If you’re not feeling better within a few days after starting the treatment, make sure you call the office of your medical provider to let them know.
Recurrent vaginal yeast infections: There are about 5-8% of women who have vaginal yeast infections that come back repeatedly. If the patient has more than 4 infections in one year, we call this recurrent vaginal yeast infection.
There is no evidence that eating yogurt or other products containing live lactobacillus acidophilus or applying these products vaginally will benefit women with recurrent vaginal yeast infections.
A persistent infection can be cause from a less common species of Candida called Candida glabrata or Candida krusei and in these less common species, we use different medications to treat them.
Treatment of recurrent vaginal yeast infections: Most of the time we use a longer course of anti-yeast medication in patients who have recurrent infections, often between 7 and 14 days for a topical cream or suppository or if the oral medication is used, it is taken with a 2nd dose 3 days later and possibly a 3rd dose 6 days later. Some patients are started on preventative treatment with oral or vaginal creams once per week.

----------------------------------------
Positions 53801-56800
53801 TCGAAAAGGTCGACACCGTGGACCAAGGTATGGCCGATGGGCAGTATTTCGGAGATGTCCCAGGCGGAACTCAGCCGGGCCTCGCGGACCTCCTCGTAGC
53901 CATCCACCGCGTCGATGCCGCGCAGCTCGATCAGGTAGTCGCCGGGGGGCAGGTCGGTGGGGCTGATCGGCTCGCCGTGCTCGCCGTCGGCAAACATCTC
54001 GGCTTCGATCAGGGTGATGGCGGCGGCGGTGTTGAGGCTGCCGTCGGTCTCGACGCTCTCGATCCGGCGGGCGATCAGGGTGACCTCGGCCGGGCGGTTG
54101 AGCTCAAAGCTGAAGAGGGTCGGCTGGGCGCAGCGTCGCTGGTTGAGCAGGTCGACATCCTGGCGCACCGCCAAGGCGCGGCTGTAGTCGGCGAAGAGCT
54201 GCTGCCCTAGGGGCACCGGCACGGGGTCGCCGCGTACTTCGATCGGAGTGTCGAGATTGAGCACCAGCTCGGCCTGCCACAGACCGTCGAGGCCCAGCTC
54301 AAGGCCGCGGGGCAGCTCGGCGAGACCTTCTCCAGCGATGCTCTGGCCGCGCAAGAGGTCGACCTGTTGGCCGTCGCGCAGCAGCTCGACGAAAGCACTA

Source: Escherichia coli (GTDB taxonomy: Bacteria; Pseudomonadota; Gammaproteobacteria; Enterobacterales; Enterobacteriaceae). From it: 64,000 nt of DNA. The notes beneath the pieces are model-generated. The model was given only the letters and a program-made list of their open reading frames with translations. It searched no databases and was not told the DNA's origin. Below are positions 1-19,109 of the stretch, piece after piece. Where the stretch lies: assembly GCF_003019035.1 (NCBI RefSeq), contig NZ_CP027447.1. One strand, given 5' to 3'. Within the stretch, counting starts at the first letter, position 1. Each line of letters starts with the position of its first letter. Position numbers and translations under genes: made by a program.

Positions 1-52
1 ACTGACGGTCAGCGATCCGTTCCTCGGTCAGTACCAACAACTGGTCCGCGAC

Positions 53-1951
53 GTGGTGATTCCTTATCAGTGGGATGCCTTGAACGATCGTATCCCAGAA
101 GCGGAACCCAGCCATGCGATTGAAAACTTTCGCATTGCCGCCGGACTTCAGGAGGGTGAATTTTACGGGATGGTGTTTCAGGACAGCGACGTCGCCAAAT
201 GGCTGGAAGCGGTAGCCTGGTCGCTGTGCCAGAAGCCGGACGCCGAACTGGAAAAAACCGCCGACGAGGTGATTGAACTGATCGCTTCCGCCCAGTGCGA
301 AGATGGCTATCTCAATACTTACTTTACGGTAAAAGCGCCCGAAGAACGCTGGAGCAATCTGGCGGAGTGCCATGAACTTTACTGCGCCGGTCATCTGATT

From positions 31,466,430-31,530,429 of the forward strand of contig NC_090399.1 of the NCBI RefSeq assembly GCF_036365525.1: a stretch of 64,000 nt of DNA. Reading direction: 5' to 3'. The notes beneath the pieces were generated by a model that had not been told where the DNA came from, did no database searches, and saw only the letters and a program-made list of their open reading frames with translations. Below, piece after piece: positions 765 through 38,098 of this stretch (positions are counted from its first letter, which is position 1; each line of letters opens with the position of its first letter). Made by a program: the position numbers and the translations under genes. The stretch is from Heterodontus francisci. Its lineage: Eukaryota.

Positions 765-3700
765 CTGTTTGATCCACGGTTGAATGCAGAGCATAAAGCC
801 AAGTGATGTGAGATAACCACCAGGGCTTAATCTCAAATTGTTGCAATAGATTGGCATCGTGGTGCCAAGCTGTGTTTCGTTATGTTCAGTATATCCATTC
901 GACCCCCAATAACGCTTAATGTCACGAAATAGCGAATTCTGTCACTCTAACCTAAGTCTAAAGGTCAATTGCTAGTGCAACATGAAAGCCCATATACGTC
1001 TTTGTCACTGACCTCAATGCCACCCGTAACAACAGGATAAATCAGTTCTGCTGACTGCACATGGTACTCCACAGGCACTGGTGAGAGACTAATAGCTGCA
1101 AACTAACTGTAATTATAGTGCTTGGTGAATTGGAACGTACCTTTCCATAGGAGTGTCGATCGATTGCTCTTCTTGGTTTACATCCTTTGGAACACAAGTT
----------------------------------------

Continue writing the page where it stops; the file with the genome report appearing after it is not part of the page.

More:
Treatment of a sexual partner: Vaginal yeast infections are not a sexually transmitted infection and most experts do not recommend treating a sexual partner.
1) Diabetes: Keep blood sugars under good control in diabetic patients
2) Antibiotics: For patients who frequently get yeast infections after taking antibiotics, we often will prescribe a dose of fluconazole at the start and end of antibiotic therapy to prevent post-antibiotic vulvovaginitis.
3) Patient awareness: Patients who are using hormone birth control products or contraceptive devices should be aware of the increased risk of yeast infections with these products.
This document is for informational purposes only, and should not be considered medical advice for any individual patient. If you have questions please contact your medical provider.
I hope that you have found this information useful. Wishing you the best of health,
Scott Rennie, DO